Freeman

ARTICLE

Who Shall Decide?

AUGUST 01, 1977 by JOHN C. SPARKS

Mr. Sparks, now Chairman of the Board of Trustees of The Foundation for Economic Education, is an executive of an Ohio manufacturing company.

There’s a difference between looking to another for enlightenment, and letting him make your decisions for you. At least, I think that is the message of the book, If You Meet the Buddha on the Road, Kill Him! by psychotherapist Sheldon B. Kopp) Never abdicate to a mentor the responsibility to make your decisions or solve your problems.

Shouldering responsibility for self and family is no easy task. It may seem more comfortable to lean on others or blame them for one’s own shortcomings. But the road to maturity and peace of mind is through self-responsibility. Dr. Kopp’s advice is to kill the tempta­tion to lean on others—that the bet­ter path to mental health is for each person to rely upon the resources within himself.

To face up to this matter realisti­cally today is to find the road prac­tically blocked by a giant decision maker—namely, big government. And the more decisions it makes for us, the more evident is our tendency to turn to it with our problems. So, let’s examine some of the decisions or solutions government has ren­dered for us.

How, for example, has govern­ment relieved each of us of the responsibility to save and provide for his own old age? It is now being revealed that the security blanket of Social Security is not based on savings at all. The payroll deduc­tions withheld from you and matched by your employer have all been spent, just as any other tax collected by government. Your security rests upon the willingness of younger taxpayers to cover your needs—a prospect dimmed by ac­celerating inflation and increasing longevity.

This is not your fault, you say. The government simply assumed your responsibility without asking you, or so it seems. What could you, just one person, do about it when the law was under consideration? Chances are that you would have then and would now join your neighbors and welcome such an op­portunity to unbuckle burdens and hand them over to government. It’s easy to blame "the neighbors" for the way Social Security has gone. But the hard fact remains that re­sponsibility—or the lack of it—is a personal matter.

Or, consider how government has relieved us of responsibility for "Johnny’s" education, with our growing complaint to the neighbors that "Johnny can’t read." When will we admit to ourselves that a child’s education is a private, per­sonal, parental responsibility—you responsible for your child, I for mine?

Our decision-making government is now "volunteering" to solve our energy crises, heat our homes, fuel our industries. Cleverly concealed is the role it played in creating such problems, with its regulation and control of prices and production of gas, oil, coal, electricity. Set a ceil­ing price of $25 for mink coats, and there will be none produced for sale. Yet this is the sort of decision we may expect the government to make for us if we ask it to assume responsibility for our energy problems. The result: total conserva­tion—no energy available to use.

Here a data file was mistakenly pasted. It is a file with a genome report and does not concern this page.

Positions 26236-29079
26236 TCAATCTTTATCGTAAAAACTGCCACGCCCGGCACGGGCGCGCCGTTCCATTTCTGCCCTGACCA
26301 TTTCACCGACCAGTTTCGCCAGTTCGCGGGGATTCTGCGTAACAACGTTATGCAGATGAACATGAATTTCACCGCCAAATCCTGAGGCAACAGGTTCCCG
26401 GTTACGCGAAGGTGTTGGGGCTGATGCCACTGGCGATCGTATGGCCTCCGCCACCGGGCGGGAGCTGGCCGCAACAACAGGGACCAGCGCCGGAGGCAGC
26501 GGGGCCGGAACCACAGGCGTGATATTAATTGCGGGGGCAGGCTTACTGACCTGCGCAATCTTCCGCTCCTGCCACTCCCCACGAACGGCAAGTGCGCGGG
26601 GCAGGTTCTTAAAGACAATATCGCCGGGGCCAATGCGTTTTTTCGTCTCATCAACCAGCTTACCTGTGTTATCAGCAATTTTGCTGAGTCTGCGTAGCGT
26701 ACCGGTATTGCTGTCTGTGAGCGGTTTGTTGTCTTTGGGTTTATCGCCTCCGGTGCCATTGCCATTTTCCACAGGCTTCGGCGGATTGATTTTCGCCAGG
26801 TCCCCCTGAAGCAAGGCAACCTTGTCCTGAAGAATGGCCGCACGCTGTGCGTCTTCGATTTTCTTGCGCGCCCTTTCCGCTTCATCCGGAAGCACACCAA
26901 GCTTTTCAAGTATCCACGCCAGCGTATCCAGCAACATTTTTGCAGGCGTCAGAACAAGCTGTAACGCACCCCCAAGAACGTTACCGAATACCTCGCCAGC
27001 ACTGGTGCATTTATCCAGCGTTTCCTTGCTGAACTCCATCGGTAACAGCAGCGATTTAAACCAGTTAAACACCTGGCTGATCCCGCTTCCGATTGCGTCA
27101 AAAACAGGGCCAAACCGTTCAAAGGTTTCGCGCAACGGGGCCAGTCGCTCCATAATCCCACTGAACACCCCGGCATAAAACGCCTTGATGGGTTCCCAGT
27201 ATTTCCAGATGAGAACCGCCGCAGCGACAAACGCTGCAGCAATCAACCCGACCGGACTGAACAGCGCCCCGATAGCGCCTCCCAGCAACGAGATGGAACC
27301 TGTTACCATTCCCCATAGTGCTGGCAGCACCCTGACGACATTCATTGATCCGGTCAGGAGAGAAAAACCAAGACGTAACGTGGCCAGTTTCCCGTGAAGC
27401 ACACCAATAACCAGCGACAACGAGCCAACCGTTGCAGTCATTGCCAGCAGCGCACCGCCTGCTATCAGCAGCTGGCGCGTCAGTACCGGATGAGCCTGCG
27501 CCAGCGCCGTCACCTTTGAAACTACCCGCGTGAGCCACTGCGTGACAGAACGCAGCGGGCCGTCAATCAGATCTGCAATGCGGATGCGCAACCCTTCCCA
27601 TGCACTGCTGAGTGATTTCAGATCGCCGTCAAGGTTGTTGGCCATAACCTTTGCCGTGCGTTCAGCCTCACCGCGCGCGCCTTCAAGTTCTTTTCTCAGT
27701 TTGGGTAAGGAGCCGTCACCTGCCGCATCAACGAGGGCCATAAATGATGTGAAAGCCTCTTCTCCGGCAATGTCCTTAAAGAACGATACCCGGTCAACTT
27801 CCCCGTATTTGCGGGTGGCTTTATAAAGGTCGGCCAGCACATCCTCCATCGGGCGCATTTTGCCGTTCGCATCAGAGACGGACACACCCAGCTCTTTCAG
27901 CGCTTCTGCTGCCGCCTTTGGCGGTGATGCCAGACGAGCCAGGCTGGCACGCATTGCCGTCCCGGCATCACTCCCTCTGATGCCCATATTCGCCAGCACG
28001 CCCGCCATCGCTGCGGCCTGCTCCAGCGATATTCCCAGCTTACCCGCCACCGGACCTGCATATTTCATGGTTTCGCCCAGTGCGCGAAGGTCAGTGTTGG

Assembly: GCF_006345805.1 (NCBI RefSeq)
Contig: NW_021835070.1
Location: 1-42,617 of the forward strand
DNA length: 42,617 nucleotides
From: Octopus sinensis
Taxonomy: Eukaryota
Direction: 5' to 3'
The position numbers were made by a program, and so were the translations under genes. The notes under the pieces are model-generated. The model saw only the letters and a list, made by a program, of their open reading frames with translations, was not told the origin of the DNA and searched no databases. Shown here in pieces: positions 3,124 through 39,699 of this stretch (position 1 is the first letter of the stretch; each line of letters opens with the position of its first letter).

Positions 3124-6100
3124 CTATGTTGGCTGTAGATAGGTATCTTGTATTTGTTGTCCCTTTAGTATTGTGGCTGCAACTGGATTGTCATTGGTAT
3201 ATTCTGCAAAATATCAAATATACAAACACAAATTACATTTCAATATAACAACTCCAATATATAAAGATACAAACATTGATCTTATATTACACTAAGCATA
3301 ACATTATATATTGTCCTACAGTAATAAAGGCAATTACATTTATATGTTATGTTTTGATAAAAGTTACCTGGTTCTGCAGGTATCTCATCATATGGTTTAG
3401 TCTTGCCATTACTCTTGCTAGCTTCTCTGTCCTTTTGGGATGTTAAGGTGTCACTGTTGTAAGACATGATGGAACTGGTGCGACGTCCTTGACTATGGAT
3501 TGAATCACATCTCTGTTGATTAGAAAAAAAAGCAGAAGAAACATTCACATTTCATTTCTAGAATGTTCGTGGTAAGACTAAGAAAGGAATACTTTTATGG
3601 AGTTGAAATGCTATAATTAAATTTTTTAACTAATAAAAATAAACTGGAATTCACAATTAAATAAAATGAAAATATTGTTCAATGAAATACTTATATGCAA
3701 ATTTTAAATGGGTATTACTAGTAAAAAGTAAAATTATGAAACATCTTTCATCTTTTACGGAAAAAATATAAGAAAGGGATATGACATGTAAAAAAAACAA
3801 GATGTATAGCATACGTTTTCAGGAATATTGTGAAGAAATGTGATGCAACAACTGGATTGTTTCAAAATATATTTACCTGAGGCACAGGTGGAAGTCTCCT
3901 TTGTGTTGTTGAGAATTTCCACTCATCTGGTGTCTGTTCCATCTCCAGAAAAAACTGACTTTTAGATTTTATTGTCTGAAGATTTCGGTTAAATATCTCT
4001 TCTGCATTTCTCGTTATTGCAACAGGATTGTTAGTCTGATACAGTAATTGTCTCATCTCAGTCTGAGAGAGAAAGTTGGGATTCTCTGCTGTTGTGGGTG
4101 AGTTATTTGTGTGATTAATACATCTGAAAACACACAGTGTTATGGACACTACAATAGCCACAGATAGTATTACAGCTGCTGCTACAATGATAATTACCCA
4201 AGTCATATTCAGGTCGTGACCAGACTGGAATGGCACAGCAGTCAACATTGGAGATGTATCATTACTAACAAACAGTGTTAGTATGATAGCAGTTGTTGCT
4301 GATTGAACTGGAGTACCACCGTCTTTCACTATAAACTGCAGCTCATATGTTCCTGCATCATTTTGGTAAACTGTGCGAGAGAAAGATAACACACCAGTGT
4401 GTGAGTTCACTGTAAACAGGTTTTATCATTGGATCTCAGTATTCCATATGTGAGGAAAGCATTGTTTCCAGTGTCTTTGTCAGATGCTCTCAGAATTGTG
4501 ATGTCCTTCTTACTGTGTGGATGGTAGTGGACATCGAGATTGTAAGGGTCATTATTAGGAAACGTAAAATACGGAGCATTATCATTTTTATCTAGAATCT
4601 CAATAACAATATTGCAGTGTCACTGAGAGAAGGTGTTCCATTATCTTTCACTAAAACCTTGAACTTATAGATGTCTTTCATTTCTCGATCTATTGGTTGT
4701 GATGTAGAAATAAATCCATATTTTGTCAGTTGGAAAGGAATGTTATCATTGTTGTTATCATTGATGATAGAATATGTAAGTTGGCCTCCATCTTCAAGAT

A government official proposed recently a law to hold hospital charges to a certain level. This should appeal to patients only if they seek deteriorating hospital ser­vice and care. The proposal calls to mind government entry some years ago into decisions concerning medical drugs—matters long handled quite satisfactorily and voluntarily among drug manufac­turers, doctors, and patients. What is the result of the decisions by government? The United States, with the factory guard in charge of drug research, is now surpassed by many other countries in the field of new drug development and use. The final step in this surrender of per­sonal responsibility would be to displace the private doctor by mak­ing him an arm of the government, a police officer as one’s physician!

We see in the field of transporta­tion the astounding damage gov­ernment can do when it takes charge for us. It has wrecked almost every railroad in the coun­try, making it hazardous to travel or ship by rail. But all for our own good, understand! One shudders to think what full government control of air transport could achieve. The horse and wagon may indeed be the wave of the future.

Other examples of the failure of government planning abound, but let one more suffice here: welfare for low-income families. Before this became government’s responsibili­ty, families climbed out of poverty and stood proudly on their deter­mination and action to improve their situation. Government welfare condemns its recipients to remain poor and helpless into the third and fourth generation—at least. Who knows how much longer?

 

For an improved state of mind—indeed for the health of the nation—let us kill the temptation to yield to some master those deci­sions we ought to make for our­selves.

 

1(Science and Behavior Books, 1972; Bantam Books, 1976.)  

ASSOCIATED ISSUE

August 1977

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